We report a patient with an unusual case of cutaneous leishmaniasis. Symptoms included cutaneous lesions that were boggy indurations as well as, papules, and ulcers; mucosal disease; and systemic involvement in the sense of asthenia and hepatocellular abnormalities.

CASE REPORT

The patient was a 63-year-old woman (weight = 140 lbs) who traveled to Bolivia in September 2006 to take digital images of indigenous plants. She was in Madidi National Park (Chalalan reserve) for one week. At the end of the week, she noticed what she thought was a chigger bite on her right arm. Her work then took her to the Oxapampa and Paujil regions of Peru in October 2006, and to Madagascar (Antsiranana Province, Nosy Be, and Antananarivo Province) in November 2006. In Madagascar, she had a sore throat and a decreased energy level, and noticed a small lesion in her right ear.

By the end of December 2006, cutaneous lesions had appeared on her forehead, right wrist, left arm, chest, abdomen, and back. The lesions on her wrist and arm consisted of large boggy swellings with and without central ulcerations. She had painful crusts in her right ear, and throat pain that limited swallowing. In addition, she had low-grade fevers and chills. At this point, the patient was taking 2,000–2,500 mg of aspirin per day for the throat pain.

In early January 2007, she was referred to a dermatology unit. Biopsy specimens of the original “chigger bite” lesion on her right arm, a back lesion, and the right wrist lesion were sent to the local dermatopathology laboratory, where Leishmania were visualized, and then to the Centers for Disease Control and Prevention (Atlanta, GA). Leishmania organisms were visualized by staining with Giemsa in all biopsy specimens, and Leishmania braziliensis was cultured from one specimen and identified by isoenzyme electrophoresis. Flexible laryngoscopy on January 19, 2007, showed an erythematous crusty nasal cavity with hypopharynx findings of intense erythema with boggy mucosa and scattered petechea. Laboratory tests showed a hematocrit of 40% and a leukocyte count of 5,800 cells/mm3 (neutrophils = 69%). Results of liver function tests were abnormal (aspartate aminotransferase [AST] = 108 U/L, alanine aminotransferase [ALT] = 169 U/L), and results of a test for HIV were negative.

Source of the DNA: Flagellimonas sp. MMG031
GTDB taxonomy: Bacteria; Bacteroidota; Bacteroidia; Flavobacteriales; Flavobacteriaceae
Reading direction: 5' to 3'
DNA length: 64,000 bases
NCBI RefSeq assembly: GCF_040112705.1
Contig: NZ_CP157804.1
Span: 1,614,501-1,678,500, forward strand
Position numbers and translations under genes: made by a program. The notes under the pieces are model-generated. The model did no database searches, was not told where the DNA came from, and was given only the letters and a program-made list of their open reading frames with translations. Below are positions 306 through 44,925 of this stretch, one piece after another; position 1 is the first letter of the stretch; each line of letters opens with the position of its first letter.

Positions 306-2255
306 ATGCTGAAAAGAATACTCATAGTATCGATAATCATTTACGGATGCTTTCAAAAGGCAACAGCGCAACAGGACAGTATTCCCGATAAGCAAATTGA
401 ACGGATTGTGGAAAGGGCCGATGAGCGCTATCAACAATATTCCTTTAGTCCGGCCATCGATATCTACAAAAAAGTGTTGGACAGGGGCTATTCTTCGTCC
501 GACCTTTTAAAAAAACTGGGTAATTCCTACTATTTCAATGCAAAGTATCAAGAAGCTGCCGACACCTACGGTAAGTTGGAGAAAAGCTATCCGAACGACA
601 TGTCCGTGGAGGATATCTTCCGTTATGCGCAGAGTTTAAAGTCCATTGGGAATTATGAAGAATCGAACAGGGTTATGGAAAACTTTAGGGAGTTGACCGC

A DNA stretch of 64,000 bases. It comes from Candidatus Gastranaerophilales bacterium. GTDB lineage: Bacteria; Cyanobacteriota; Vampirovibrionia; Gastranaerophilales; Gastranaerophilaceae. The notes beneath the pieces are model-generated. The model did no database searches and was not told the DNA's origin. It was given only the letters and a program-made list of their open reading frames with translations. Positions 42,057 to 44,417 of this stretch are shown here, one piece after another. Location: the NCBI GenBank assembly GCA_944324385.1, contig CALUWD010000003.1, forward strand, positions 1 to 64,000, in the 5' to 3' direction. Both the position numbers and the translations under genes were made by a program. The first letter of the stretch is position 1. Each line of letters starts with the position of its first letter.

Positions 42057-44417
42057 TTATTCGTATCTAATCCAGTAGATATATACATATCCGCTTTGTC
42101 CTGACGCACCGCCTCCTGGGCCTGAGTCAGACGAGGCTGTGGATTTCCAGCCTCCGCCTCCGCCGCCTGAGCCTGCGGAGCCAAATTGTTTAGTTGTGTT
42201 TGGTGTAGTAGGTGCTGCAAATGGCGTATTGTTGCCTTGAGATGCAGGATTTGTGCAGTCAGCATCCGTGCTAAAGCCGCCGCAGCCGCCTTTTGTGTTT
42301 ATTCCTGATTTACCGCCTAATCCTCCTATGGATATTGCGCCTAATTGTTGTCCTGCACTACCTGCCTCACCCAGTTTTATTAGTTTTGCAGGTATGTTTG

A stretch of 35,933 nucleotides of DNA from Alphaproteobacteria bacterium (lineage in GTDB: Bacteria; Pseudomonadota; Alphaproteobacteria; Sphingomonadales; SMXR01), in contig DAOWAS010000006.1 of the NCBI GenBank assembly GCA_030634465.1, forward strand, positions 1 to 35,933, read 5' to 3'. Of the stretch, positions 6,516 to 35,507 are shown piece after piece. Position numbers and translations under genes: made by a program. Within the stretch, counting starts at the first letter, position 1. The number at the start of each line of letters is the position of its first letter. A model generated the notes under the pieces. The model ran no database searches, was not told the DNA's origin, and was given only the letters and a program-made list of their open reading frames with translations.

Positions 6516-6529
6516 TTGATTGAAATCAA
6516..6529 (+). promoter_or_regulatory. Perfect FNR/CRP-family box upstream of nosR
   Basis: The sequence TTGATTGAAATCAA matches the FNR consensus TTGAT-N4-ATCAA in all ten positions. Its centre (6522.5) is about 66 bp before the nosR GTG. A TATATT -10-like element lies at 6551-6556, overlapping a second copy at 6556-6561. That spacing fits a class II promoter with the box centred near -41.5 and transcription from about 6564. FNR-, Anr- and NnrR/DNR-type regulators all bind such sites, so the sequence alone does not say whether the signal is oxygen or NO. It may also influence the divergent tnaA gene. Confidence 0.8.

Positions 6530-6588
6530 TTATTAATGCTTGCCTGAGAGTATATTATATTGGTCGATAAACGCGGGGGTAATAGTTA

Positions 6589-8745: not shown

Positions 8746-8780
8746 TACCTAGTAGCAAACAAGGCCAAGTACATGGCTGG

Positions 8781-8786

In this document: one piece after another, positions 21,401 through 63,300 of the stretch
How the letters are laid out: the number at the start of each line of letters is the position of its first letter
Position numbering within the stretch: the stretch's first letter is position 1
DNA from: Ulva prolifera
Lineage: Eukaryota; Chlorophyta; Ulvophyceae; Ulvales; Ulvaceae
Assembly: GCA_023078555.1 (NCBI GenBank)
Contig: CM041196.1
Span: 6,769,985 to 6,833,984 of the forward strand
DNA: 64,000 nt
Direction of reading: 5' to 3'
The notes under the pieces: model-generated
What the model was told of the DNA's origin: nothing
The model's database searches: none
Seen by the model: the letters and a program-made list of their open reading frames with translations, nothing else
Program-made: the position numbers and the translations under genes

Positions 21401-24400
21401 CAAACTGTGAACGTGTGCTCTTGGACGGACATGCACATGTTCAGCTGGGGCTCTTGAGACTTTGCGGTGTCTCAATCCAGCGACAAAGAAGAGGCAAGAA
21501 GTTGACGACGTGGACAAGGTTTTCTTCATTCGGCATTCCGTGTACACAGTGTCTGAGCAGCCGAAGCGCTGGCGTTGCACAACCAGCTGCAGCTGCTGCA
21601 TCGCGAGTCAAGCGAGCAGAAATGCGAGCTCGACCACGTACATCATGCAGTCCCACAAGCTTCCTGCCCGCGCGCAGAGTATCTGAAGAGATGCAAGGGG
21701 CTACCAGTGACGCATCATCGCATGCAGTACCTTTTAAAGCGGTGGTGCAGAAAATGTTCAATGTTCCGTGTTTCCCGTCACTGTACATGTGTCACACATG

By February 2007, the cutaneous lesions continued to appear and spread. Particularly notable lesions were 1) a crusted exudative lesion covering approximately two-thirds of interior of the right ear (Figure 1A) accompanied by a prominent cervical lymph node, 2) a swollen nodule (approximately 2 cm in diameter) on the left elbow, 3) four ulcers surrounded by boggy swellings on the left wrist, 4) a large boggy swelling plus several ulcers on the right wrist (Figure 1B), 5) many small ulcers on the back, and 6) many ulcers on the left leg and the right leg (Figure 1C). Throat pain had increased such that even saliva was hard to swallow. Although the patient had no difficulty in breathing, she was coughing up bloody exudates, and her weight had decreased to 130 lbs. Chills had increased and she was almost prostrate with no energy.

The puzzling symptoms and signs created diagnostic and therapeutic issues. Immunologically intact patients with cutaneous and mucosal leishmaniasis do not have liver dysfunction, and it was thought that the hepatocellular abnormalities were caused by a second disease, although hepatitis B and C titers were negative, as was the result of abdominal ultrasonography.